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Lange, M.; Kayser, I. Work-Related Stress during Home-Based Remote Work. Encyclopedia. Available online: https://encyclopedia.pub/entry/23454 (accessed on 19 June 2024).
Lange M, Kayser I. Work-Related Stress during Home-Based Remote Work. Encyclopedia. Available at: https://encyclopedia.pub/entry/23454. Accessed June 19, 2024.
Lange, Martin, Ina Kayser. "Work-Related Stress during Home-Based Remote Work" Encyclopedia, https://encyclopedia.pub/entry/23454 (accessed June 19, 2024).
Lange, M., & Kayser, I. (2022, May 26). Work-Related Stress during Home-Based Remote Work. In Encyclopedia. https://encyclopedia.pub/entry/23454
Lange, Martin and Ina Kayser. "Work-Related Stress during Home-Based Remote Work." Encyclopedia. Web. 26 May, 2022.
Work-Related Stress during Home-Based Remote Work
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Remote work takes place outside a designated work location, such as corporate offices, and is often associated with working from home or working (home-based remote work) at a client’s location. In contrast, telework can be conducted remotely as well, but also focuses on the use of personal electronical devices . Ideally, job demands and job resources behave in a dynamic, balanced manner that lead to or maintain employee health. However, when work demands exceed work resources and work resources are inadequate for work demands, an imbalance occurs that leads to WRS over time.

self-efficacy work-related stress self-perceived health status remote work work-family conflict

1. Facets of Home-Based Remote Work and Job Stress

Despite the beneficial aspects of home-based remote work, previous literature suggests that working from home is associated with a higher level of WRS [1][2][3]. WRS is defined as a transactional construct, which describes stress as a direct product of the transaction between an individual and the environment impacting one’s resources and wellbeing [4][5][6]. Contrastingly, other scholars present previous research results indicating that working from home is linked to many positive aspects such as the reconciliation of work and family life due to flexible working hours, increased productivity of employees, higher job satisfaction and many more [7][8]. During the COVID-19 pandemic, home-based remote work was inevitable as an effective preventive measure to reduce infections [9]. Regardless of a pandemic situation and out of a corporate perspective, there are several economic aspects in favor of remote work such as lower rent expenses, lower maintenance costs of office space, less business-related travel and an increase in productivity amongst employees [7]. Employees benefit from reduced distractions in the office realm by working from home. This especially applies to office workers whose execution of work tasks must be concentrated, focused and knowledge-based. The possibility of working remotely from home is also associated with greater job satisfaction and commitment amongst employees [10][11].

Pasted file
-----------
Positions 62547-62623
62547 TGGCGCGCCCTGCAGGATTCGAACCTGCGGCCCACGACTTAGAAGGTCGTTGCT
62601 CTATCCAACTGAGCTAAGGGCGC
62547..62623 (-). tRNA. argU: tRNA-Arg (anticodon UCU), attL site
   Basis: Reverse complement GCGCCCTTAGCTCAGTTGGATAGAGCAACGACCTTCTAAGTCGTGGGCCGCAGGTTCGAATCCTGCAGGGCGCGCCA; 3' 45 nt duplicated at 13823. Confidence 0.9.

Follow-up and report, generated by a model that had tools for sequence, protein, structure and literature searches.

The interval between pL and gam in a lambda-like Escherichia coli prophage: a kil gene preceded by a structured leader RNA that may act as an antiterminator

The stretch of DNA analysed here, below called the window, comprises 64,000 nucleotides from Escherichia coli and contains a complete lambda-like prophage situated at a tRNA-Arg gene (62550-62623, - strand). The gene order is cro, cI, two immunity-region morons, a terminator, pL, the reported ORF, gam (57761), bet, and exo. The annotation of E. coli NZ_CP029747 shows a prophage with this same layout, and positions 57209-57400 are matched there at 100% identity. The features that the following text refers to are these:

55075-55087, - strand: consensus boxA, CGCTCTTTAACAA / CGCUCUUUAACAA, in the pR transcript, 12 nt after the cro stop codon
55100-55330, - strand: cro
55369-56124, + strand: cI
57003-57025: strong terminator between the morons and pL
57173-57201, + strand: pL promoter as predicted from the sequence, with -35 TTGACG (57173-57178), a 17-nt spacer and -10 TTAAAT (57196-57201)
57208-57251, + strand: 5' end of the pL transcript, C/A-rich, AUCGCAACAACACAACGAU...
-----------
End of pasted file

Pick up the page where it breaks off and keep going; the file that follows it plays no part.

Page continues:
On the contrary, most jobs—especially office workers—require a certain level of social interaction with superiors and/or coworkers. Working from home isolates employees physically from each other, which can be perceived as challenging for work-related activities carried out within teams [12]. The physical isolation and digital work execution thus limit the ease of addressing colleagues and superiors [10][11][13]. This claim is supported by previous research that shows that remotely working individuals felt isolated and rely on office interactions for social support [14][15][16]. Moreover, social interaction between coworkers and superiors is an important promoter of employee engagement and mental well-being [7].
A significant pillar of the ongoing discussion on the benefits of remote work is employee stress. While home-based remote work may lead to lower stress levels due to decreased commuting times and day-to-day office demands [10][11], it is at the same time linked to an “always-on” debate. This may lead to a higher number of working hours, difficulties to switch off from work [17], and to a perceived need of being constantly available [8]. These behaviors are usually set as a cultural norm in remote work settings by superiors and coworkers and can lead to an overall poor well-being and mental health problems [18][19].

2. Association between Work-Related Stress and Health Outcomes

The relationship between WRS and health has been extensively evaluated in the past. Studies show that a high level of WRS is inversely linked to health-associated outcomes [20][21][22]. In the context of remote work, evidence of an effect of WRS remains controversial. Remote work decreases psychological and physiological stress when it comes to reducing commuting times, increased flexibility, productivity or an improved balance of private and work life [23]. Simultaneously, previous studies report an increased perception of psychological WRS associated with presenteeism [23], work-family conflict [24], social isolation and declining health behaviors such as physical activity during after-work hours [21]. Additionally, the association between WRS and health is predominantly associated with psychological symptoms such as fatigue [22][25], anxiety or depression disorders [21].

3. Persistent WRS Leads to Anxiety and Depressive Disorders